5.0 Mustang & Super Fords
Modotek ECU - Project Cheaper Sleeper - Black Ops
Putting Modotek’s new ECU to the test on the street, dyno, and dragstrip
With the naturally aspirated calibration set, we then focused on building a nitrous tune. For nitrous, ignition timing typically is retarded when the unit is activated while fuel is enrichened. With target air/fuel set at 12:1, Sleeper's stroker responded best to 6 degrees of timing retard, hitting the dyno hard with 354 horsepower and 427 lb-ft of killer torque at the feet.
As an expert who works with all types of high-end engine-management systems and consults with manufacturers on ways to improve them, Brian gave his thoughts about the Modotek BlackBox v2.0. "BlackBox is a great ECU for the price," Brian said. "The system is full of awesome features, and there is no shortage of modifiers in the software that will allow beginner and advanced tuners to get almost any engine combination running well, as long as all of the general specifics for the engine are in order. Honestly, had this system been around when KJ's T-top Coupe was built, that supercharged Mustang could actually have a mass-air sensor and be tuned to make the same 1,000 hp that it currently makes," Brian said.
As you can imagine, we were really excited about taking Project Cheaper Sleeper to the dragstrip and evaluating how the additional power (hopefully) improves the Pony's previous-best e.t. and speed. In the spirit of your tech editor's experience participating in Hot Rod magazine's Drag Week 2012, the decision was made to conduct a "Drag Day," loading all of the racing essentials into the ‘Stang's hatch and driving to the dragstrip in Bakersfield, California…140 miles away (one way) from KJ's home…and back.
In a nutshell, the effort was a total success! The project ‘Stang was flawless in both driving segments of the road trip. And on the track, the gain of nearly 1.5 seconds and close to 10 mph over the best factory-stock performance (naturally aspirated) is awesome when you consider the car's 3,500-pound weight and that passes were made without manually shifting the AOD. The Performance Automatic tranny was run in D for the duration of our test day to replicate the manner in which the ‘Stang was driven (with the stock engine and AOD) in our baseline runs.
Unfortunately, time ran short on our test day and we were not able to fire the nitrous system. However, we're happy with the results and what we learned by running the car in naturally aspirated trim first. Now, of course, we know there are plenty of similarly configured Foxes out there that post better numbers than this and may be just as capable of performing as efficiently on the street. The important thing to keep in mind for our ‘Stang is that from the project's outset we noted there's no desire to set the world on fire with this Pony. Doing that typically carries a hefty price tag, even when you're smart shopping and finding good deals.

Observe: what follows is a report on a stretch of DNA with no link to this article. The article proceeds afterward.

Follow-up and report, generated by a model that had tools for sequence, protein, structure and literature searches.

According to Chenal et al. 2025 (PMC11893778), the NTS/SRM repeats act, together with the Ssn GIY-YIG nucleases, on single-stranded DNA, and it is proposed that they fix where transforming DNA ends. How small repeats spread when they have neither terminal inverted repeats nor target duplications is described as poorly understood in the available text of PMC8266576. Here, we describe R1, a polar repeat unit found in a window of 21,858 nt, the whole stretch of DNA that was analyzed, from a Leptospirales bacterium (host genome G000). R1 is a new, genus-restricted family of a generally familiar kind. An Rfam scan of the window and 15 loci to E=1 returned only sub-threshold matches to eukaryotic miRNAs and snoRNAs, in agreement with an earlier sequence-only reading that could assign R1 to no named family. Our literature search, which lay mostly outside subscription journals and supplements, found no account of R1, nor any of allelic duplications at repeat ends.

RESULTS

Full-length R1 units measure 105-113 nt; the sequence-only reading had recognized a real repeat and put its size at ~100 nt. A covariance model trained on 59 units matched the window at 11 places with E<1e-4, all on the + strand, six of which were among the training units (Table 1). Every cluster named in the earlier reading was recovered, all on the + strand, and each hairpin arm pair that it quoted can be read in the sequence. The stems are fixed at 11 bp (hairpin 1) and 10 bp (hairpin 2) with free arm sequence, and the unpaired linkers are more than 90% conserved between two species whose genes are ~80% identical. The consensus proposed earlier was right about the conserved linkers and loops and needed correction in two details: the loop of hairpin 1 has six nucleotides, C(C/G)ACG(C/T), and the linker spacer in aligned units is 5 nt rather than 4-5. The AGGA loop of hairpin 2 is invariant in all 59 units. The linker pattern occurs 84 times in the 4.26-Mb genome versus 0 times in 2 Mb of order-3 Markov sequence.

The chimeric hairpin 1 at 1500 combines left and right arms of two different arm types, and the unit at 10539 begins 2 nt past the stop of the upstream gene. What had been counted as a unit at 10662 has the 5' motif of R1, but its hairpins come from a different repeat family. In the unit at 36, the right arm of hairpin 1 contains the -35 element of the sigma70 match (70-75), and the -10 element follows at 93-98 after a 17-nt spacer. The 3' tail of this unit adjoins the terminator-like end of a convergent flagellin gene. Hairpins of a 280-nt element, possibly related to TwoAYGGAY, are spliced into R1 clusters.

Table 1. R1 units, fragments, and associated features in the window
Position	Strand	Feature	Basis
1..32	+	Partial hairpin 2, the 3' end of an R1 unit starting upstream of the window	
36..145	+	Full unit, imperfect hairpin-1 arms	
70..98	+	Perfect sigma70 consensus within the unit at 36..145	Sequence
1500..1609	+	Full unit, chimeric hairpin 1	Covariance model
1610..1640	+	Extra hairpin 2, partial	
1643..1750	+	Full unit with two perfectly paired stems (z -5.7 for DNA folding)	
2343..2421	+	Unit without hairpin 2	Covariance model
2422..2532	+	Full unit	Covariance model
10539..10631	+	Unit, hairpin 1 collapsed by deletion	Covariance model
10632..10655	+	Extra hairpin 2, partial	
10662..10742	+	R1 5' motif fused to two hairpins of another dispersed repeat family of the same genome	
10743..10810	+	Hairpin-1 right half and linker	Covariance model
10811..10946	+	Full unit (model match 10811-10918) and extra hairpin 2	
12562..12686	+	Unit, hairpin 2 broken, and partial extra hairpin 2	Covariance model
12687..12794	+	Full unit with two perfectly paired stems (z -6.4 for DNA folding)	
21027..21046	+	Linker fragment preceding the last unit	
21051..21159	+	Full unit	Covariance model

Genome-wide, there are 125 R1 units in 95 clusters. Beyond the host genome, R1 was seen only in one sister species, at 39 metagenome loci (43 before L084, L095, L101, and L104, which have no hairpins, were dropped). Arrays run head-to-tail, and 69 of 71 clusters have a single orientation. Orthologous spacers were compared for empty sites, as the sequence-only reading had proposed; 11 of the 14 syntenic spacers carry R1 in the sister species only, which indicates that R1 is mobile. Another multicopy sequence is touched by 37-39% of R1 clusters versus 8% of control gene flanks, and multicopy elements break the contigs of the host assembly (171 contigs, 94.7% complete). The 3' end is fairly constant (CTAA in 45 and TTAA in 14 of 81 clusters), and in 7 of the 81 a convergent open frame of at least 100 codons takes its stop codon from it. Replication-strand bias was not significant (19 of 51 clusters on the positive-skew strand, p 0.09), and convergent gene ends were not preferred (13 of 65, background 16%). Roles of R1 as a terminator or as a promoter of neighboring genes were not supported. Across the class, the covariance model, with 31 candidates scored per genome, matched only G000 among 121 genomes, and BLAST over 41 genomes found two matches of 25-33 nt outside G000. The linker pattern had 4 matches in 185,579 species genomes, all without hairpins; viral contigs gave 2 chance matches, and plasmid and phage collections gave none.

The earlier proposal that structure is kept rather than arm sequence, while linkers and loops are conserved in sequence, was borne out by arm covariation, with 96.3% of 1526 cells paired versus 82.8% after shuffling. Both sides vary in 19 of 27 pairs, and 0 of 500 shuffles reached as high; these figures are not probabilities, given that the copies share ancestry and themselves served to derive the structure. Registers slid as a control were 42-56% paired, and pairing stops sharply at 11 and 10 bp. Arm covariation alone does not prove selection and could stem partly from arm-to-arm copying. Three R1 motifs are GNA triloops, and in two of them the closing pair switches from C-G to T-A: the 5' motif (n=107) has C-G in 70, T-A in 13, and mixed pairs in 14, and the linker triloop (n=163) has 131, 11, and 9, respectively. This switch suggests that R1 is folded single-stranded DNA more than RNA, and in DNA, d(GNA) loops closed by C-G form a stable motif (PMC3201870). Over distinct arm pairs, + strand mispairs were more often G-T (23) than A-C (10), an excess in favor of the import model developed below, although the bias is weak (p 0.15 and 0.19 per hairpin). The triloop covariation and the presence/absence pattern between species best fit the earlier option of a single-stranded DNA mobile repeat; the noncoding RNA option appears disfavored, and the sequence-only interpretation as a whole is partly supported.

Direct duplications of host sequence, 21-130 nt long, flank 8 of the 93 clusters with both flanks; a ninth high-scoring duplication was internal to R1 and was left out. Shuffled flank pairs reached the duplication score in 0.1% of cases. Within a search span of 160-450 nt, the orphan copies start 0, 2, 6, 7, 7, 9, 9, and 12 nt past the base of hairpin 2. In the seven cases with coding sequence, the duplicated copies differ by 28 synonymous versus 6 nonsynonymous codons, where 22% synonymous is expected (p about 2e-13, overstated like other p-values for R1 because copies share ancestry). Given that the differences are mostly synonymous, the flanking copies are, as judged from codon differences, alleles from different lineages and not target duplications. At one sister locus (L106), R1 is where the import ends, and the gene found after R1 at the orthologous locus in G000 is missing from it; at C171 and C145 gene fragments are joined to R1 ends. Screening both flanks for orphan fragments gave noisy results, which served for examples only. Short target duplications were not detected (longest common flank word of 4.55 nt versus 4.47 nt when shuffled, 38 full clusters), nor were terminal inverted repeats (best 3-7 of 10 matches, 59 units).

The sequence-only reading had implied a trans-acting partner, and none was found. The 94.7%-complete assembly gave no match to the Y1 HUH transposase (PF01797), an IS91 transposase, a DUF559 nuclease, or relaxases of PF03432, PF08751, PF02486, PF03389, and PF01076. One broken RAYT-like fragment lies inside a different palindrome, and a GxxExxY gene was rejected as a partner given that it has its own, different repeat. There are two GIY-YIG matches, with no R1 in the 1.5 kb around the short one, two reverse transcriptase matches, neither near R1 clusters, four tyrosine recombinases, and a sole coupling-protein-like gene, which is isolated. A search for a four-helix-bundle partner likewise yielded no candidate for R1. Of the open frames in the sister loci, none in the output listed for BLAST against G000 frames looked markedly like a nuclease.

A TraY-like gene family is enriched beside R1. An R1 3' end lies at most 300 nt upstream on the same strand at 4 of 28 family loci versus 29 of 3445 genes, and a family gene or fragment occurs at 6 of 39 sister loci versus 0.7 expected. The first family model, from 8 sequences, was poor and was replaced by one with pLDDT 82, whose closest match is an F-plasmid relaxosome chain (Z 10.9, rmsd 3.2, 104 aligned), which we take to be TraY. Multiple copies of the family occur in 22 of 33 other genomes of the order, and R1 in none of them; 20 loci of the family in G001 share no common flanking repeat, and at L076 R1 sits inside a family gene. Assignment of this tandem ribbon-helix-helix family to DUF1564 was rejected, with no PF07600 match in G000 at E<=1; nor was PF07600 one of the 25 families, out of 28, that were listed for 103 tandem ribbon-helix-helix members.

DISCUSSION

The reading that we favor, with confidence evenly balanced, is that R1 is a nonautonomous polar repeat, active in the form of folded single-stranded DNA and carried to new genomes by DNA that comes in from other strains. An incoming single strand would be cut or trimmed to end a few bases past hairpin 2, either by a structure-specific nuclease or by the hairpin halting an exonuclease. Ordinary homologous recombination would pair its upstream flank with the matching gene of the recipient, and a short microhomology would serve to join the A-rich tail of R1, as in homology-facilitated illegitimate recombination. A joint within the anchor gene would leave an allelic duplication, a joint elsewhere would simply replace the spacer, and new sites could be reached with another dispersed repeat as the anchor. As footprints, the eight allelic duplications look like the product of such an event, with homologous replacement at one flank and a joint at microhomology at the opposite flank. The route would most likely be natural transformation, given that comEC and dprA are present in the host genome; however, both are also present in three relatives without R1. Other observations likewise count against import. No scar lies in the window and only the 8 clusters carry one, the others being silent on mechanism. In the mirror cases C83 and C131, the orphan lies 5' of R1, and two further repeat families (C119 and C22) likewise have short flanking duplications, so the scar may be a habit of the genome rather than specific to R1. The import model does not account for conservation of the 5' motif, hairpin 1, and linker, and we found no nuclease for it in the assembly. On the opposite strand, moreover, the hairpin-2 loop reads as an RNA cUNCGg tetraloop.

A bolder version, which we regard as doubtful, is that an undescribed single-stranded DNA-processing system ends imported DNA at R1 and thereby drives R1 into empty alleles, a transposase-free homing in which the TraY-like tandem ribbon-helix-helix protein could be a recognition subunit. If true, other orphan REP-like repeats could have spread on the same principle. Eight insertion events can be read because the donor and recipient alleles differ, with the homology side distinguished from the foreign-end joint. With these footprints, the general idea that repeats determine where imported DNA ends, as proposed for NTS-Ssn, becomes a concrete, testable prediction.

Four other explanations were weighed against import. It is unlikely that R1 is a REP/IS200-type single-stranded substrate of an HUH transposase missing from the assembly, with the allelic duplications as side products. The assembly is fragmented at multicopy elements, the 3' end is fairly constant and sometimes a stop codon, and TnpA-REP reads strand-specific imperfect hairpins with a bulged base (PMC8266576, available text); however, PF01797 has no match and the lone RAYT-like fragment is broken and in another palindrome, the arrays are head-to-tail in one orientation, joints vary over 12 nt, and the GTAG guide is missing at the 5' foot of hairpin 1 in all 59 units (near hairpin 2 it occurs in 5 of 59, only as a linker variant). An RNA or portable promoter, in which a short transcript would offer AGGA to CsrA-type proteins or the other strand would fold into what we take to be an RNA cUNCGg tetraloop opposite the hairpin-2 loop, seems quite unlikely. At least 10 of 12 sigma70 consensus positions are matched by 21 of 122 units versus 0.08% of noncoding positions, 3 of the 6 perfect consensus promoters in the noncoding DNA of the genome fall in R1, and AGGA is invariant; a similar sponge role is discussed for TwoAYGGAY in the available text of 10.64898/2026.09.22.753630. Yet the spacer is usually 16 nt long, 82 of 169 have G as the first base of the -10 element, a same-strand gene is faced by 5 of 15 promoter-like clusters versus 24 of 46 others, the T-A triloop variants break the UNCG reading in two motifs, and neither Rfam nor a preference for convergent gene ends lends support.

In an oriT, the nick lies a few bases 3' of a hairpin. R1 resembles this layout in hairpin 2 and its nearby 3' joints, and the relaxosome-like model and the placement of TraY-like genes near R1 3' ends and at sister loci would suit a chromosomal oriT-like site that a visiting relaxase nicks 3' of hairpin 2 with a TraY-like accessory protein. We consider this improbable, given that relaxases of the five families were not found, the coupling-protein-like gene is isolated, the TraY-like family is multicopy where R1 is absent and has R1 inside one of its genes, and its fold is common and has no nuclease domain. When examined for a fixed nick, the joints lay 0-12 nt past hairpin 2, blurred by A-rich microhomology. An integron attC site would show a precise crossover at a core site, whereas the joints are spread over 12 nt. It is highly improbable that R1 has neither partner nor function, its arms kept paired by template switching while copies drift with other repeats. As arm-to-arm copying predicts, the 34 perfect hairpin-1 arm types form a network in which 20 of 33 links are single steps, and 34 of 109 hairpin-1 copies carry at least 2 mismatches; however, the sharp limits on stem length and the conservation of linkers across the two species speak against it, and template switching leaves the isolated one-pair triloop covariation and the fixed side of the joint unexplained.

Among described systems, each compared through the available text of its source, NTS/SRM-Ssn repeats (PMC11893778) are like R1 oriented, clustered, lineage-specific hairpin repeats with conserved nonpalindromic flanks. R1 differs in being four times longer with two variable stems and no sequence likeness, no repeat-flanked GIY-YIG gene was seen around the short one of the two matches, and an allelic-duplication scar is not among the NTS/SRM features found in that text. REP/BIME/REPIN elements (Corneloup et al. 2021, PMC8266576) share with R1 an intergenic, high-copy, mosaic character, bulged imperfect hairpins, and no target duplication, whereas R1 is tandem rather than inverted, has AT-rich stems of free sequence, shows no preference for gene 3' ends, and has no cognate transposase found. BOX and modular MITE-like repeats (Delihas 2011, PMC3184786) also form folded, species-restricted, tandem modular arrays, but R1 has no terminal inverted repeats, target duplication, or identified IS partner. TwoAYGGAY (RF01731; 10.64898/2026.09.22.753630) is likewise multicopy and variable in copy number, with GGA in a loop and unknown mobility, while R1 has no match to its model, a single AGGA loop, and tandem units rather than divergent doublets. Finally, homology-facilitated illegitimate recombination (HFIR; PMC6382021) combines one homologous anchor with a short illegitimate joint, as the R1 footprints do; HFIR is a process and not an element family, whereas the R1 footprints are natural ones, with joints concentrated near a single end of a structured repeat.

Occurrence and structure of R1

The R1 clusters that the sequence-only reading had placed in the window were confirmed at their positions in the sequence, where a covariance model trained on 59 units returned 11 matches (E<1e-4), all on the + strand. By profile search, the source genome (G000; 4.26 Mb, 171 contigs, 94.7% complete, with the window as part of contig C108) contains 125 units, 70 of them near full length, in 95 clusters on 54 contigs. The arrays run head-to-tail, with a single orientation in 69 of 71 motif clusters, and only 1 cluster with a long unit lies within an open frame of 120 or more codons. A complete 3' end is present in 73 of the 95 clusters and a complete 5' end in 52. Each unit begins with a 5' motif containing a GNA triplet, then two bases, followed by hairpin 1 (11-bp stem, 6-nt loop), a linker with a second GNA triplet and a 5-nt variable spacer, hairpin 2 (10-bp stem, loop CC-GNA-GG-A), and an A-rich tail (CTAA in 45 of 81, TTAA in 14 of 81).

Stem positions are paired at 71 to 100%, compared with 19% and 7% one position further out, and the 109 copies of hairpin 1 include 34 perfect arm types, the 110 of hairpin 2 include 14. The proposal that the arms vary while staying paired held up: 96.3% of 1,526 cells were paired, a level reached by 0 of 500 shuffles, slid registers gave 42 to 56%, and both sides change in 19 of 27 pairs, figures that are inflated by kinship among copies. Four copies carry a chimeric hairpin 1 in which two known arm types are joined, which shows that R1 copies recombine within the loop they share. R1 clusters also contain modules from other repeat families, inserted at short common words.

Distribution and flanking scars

The horsepower and torque gains that we saw on the dyno and in the mile-per-hour increase in the quarter-mile are strong indicators that by simply adjusting the TV cable (to extend the transmission's shift points when racing in D) or by manually shifting the AOD, Sleeper definitely is a 13-second/100-plus mph ride. We also know that by installing a looser torque converter, swapping heads and intake for better airflow, putting the heavy Pony on a diet, and focusing on a few more racier mods, Sleeper probably would be in the 12s—without the nitrous.
Other than possibly knocking off a few pounds, don't count on seeing such changes any time soon. We're proud of the solid accomplishments that were made thus far, and remember, we still have a 150hp shot of nitrous to play with the next time Project Cheaper Sleeper is at the track.
More Hidden Pleasures
There are all sorts of cool upgrades that are buried within Project Cheaper Sleeper. This is a sampling of a few more sneaky mods that we came up with—cool yet functional and efficient changes that play right into our stealth street/strip ‘Stang concept.
While we've emphasized throughout this project that mods like these can come cheap through smart shopping, deal-making, and so on, we must add one caveat. Custom-made wheels like the big ‘n' little-style 10-holes that Pico Wheel Service created are among the few pricier items. You probably won't come across a set of hoops like that on the used market, and by the time you have a set made, have the wheels powdercoated (notice the black accenting on our wheels), and then add Mickey Thompson rubber, you'll have spent a little more than a grand.
Yes, that's a pretty big ticket for cool. However, if you plan well and make good moves in other areas, scoring nice custom pieces certainly can happen despite a tight budget.